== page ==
Shaman's Portal in Oklahoma
Click the image above for the full gallery.
Have you ever been to a place that just feels creepy? Maybe it was a specific side street in a city, a suburban cul-de-sac, or an isolated forest trail. These types of places are all over if you know where to look. Some of them even have strange stories surrounding them, legends of weird events that make you think twice about venturing into the area.
There's one such place in the Oklahoma Panhandle, right outside of a small town called Beaver.
Where is Shaman's Portal in Oklahoma?
If you're unfamiliar with the geometry of the state of Oklahoma, it has a region known as a "panhandle"—similar to the one in Florida.
The Oklahoma Panhandle has a sordid history involving indigenous peoples, Spanish conquistadores like Francisco Vázquez de Coronado, a period of lawlessness and feuding over which state it should belong to, and hard times during the Dust Bowl.
With the long, contentious history of the area, you could probably guess that it has some strange stories. What you may not guess, though, is that there's a region within the Oklahoma Panhandle that's full of sand dunes.
Yes, sand dunes. There are sand dunes in Oklahoma. Weird.
Beaver Dunes Park is just north of the town of Beaver.
Inside Beaver Dunes Park, there's a small lake called Beaver Lake.
The town of Beaver is situated right on the banks of the Beaver River. Also, the Beaver Public School system comprises schools such as Beaver Elementary and Beaver High School, with—you guessed it—beaver mascots.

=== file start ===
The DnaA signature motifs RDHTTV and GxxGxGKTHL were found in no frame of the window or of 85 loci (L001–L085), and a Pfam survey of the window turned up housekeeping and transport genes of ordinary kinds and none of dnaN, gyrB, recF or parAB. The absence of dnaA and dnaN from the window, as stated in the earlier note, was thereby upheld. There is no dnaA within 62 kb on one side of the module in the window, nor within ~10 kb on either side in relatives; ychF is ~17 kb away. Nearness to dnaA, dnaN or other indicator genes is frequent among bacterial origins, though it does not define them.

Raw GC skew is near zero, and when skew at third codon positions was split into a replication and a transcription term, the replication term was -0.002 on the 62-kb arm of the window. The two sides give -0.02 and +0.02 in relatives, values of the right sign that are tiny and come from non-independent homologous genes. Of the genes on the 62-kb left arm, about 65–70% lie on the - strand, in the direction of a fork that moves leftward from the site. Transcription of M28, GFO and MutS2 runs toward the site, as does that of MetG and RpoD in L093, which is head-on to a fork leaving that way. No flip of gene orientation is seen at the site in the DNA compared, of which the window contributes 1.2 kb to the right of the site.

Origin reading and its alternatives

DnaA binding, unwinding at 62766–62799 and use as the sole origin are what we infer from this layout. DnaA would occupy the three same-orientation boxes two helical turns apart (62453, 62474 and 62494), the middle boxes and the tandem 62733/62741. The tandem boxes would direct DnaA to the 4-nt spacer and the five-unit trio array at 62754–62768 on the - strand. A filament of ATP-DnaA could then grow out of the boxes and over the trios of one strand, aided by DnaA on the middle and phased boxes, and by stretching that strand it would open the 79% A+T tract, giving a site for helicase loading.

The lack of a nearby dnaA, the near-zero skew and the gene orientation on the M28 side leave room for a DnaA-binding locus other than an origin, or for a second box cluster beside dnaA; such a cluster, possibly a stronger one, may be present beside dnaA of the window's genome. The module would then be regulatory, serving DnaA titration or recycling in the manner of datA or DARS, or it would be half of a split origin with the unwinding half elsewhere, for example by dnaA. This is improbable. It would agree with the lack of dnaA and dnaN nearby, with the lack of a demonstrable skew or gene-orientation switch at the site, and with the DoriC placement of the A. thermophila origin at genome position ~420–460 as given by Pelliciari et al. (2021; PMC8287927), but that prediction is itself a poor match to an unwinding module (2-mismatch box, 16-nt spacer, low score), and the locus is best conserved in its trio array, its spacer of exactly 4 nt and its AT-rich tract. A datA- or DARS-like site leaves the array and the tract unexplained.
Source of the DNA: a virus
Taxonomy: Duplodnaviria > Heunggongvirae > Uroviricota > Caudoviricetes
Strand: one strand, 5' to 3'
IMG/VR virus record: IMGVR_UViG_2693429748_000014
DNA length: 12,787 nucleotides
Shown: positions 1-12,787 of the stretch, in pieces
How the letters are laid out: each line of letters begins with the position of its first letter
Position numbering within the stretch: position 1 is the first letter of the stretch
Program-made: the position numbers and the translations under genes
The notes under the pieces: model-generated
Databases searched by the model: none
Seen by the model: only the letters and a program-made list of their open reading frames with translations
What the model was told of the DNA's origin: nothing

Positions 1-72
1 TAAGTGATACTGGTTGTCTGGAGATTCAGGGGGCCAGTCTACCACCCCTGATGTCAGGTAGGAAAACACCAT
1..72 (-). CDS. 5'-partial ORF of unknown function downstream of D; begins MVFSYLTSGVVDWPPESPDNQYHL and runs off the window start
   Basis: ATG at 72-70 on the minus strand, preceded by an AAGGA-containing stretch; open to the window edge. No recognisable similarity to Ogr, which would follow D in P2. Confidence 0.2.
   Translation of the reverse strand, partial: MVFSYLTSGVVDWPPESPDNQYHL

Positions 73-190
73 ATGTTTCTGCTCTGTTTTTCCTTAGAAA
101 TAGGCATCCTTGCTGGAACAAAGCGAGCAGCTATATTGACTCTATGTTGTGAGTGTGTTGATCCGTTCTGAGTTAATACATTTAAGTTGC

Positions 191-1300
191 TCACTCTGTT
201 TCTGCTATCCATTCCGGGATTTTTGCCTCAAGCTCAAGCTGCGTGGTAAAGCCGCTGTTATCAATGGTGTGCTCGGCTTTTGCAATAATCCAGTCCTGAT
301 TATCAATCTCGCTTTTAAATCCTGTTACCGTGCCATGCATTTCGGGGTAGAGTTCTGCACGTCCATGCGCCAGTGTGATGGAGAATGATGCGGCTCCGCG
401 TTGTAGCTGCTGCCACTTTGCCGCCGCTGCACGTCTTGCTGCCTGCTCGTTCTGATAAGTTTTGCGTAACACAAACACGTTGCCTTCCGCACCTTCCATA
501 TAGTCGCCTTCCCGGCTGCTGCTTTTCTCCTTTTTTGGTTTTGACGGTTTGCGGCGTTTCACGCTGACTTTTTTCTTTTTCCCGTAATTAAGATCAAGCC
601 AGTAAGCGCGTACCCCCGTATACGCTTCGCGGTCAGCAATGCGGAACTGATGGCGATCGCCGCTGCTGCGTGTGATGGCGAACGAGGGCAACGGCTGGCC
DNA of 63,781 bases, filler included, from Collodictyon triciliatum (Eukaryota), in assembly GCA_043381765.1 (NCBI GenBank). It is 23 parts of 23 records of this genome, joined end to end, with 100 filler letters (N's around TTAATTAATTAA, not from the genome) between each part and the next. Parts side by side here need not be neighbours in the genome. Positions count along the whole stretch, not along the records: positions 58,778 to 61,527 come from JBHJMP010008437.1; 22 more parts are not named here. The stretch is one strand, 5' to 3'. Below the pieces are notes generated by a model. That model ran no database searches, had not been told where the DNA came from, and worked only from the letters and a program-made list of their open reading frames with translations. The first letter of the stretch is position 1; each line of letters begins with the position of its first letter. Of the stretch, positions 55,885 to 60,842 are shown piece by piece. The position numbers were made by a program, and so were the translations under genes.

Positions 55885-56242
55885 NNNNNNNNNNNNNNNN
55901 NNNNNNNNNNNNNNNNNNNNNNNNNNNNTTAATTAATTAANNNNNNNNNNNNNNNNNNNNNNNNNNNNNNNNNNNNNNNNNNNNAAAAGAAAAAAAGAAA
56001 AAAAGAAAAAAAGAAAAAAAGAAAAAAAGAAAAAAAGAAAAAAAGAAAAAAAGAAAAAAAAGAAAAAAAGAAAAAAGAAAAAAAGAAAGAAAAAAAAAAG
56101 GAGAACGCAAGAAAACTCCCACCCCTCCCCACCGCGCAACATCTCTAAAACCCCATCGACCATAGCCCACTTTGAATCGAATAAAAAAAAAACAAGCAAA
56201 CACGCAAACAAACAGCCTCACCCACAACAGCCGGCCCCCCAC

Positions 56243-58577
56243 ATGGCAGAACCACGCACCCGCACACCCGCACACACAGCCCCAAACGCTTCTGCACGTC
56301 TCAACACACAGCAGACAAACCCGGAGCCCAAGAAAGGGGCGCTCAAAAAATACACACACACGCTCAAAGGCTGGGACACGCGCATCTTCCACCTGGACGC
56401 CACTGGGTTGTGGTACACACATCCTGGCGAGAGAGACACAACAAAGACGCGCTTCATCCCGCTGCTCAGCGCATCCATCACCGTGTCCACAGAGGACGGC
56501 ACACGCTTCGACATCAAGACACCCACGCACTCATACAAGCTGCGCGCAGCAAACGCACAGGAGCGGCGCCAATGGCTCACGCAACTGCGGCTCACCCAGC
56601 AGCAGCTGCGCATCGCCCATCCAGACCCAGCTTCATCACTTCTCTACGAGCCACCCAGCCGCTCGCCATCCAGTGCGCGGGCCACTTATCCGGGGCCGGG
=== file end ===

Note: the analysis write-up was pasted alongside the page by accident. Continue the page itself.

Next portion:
And, of course, all of these things are inside Beaver County. While all of that might sound rather innocuous, don't be fooled, and don't get distracted by the fact that Beaver hosts the annual World Cow Chip Throwing Championship every April. Beaver even popularized throwing cow chips all the way back in 1970.
Poop. It's cow poop.🐄💩
People pick up dried cow dung and fling it as far as possible. The current world record was set by Robert Deevers, who flung dung 185 feet 5 inches (56.52 m) back in 2001. Yes, Robert Deevers set the record in Beaver. I didn’t typo that. 😐
The town of Beaver is only about 1,500 people, and Beaver Dunes Park is only about a 3-minute drive away. The proximity of the two means that people often rent dune buggies and head up to the 520-acre park to hit the sand dunes for some gas-powered adrenaline action. The park also has fishing, hiking trails, a playground, and two campgrounds.
Sounds fun, right?
Except...some people go into the dunes and are never seen or heard from again. Not only that, it's not a new phenomenon.
Many legends of strange disappearances are relatively recent, but Beaver Dunes Park is quite the exception, as its stories seem to go back at least the 1500s, and it's not only known as Beaver Dunes Park but also as the Oklahoma Bermuda Triangle, No Man's Land, and the Shaman's Portal.
Strange Stories of Shaman's Portal
I mentioned the Spanish conquistador Francisco Vázquez de Coronado above for a very specific reason: there's a story about him and the Shaman's Portal. Supposedly, Coronado and his conquistador crew passed through the Oklahoma Panhandle back in 1541. While in the area, they happened across the sand dunes and did a bit of exploration. Three of Coronado's men disappeared in the sand dunes. They saw eerie, floating green lights in the distance and chased after them, but each of the three men never returned because they all vanished in flashes of green light. Allegedly, this is documented in Coronado's journal. I wasn't able to find this anywhere, but I'll keep looking, and if I happen across it, I will definitely post it here. If anyone out there reading this knows where to find it, let me know.